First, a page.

Brazil’s Bolsa Familia

The Economist covers the Brazilian bolsa familia anti-poverty program which has been copied elsewhere, and may have lead to some development of an emerging markets middle class.

“Brazil has made huge strides in poverty reduction and the programme has played a big part. According to the Fundaçao Getulio Vargas (FGV), a university, the number of Brazilians with incomes below 800 reais ($440) a month has fallen more than 8% every year since 2003. The Gini index, a measure of income inequality, fell from 0.58 to 0.54, a large fall by this measure. The main reason for the improvement is the rise in bottom-level wages. But according to FGV, about one-sixth of the poverty reduction can be attributed to Bolsa Família, the same share as attributed to the increase in state pensions— but at far lower cost. Bolsa Família payments are tiny, around 22 reais ($12) per month per child, with a maximum payment of 200 reais. The programme costs just 0.5% of gdp. But the story of the Teixeiras and others like them should sound a warning to those who see Bolsa Família as a panacea. There is some evidence the programme is not working as well in cities as in rural areas—and the giant conurbations of developing countries are where the problems of poverty will grow in future. This concern differs from the usual complaints about the programme in Brazil. There, critics think it erodes incentives to work and sometimes goes to the wrong people. On the whole, though, studies have not borne out these complaints. A recent report for the United Nations Development Programme found the programme did not lead to dependence and that its impact on the labour market was slight. According to World Bank researchers, Bolsa Família’s record in reaching its target audience is better than most CCTs. Worries about the imbalance between rural and urban benefits may be harder to brush away. Bolsa Família does seem to have a rural bias. Rural poverty is great in Brazil but even so, the programme’s incidence in rural areas is high: 41% of rural households were enrolled in 2006, against 17% of urban ones. In the two largest cities, São Paulo and Rio de Janeiro, fewer than 10% of households are in the programme. Yet these cities contain some of the worst poverty in the country. Brazil’s success in cutting poverty seems to have been greater in rural areas than in urban ones. Bolsa Família does not publish figures on urban and rural poverty but the official report on the United Nations’ millennium development goals does.”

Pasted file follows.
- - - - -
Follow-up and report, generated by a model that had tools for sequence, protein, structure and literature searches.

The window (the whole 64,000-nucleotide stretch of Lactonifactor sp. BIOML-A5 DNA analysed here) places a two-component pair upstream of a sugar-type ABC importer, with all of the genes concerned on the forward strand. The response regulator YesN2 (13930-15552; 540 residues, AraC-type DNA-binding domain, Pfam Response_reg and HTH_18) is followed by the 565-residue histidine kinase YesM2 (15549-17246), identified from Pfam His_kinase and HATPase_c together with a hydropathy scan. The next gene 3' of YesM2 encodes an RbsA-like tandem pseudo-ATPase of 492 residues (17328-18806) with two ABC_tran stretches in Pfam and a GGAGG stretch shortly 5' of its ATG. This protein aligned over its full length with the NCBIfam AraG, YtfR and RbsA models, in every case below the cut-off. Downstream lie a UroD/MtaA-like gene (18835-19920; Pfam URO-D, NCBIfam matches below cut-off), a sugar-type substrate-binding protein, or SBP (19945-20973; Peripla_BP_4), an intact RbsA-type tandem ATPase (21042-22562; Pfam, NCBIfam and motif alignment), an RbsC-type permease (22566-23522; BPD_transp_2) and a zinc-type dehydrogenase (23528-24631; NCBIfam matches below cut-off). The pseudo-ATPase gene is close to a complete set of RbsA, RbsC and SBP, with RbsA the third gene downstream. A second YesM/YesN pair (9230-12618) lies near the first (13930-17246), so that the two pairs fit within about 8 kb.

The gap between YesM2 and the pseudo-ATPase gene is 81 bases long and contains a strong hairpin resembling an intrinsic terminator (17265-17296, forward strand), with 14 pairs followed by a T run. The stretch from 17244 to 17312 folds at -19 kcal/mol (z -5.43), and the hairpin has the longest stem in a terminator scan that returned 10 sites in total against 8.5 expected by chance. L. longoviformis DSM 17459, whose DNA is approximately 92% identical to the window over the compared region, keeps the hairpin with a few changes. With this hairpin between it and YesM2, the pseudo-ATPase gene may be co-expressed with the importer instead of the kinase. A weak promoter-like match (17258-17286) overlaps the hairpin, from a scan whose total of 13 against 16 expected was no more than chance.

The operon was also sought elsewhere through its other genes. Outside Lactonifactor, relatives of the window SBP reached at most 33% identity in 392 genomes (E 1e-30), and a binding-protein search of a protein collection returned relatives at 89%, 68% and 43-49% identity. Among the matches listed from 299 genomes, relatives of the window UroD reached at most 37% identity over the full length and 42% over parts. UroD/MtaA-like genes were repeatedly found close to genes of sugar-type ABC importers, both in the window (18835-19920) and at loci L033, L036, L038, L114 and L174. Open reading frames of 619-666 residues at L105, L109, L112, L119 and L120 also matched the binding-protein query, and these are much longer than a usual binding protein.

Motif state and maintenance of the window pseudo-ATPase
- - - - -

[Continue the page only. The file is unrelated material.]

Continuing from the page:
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About Janar Wasito

Janar Wasito is the manager of Magis Capital in San Diego, CA. He is a graduate of Harvard and Stanford Law School, and a former Marine Officer.
This entry was posted in Article review, Brazil, Economy, Life and tagged , . Bookmark the permalink.

3 Responses to Brazil’s Bolsa Familia

  1. Hildete Vodopives says:

    We can’t forget that the bolsa familia was implemented during a period of intense economic growth. It is hard to separate what is due to what. No doubt it has merit in reducing poverty but it can not be considered without the other elements. At the same time, I wonder if the original program Bolsa Escola, created under the Cardoso administration, would not be even better .. considering that it would impact education as well as poverty.

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  2. monica camargo says:

    Poor Brazil! Poor democracy!Bye,bye,what we had conquered during Fernando Henrique Cardoso days!The initial program was launched by his late wife and then from 2003 it has been used by the corrupted government of Lula da Silva,in order to obtain votes! If you just compare where he and the newly elected president got more votes,you can easily link to the manipulation of the program.

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  3. Pingback: Brazil Global’s top posts of 2011 | Brazil Global

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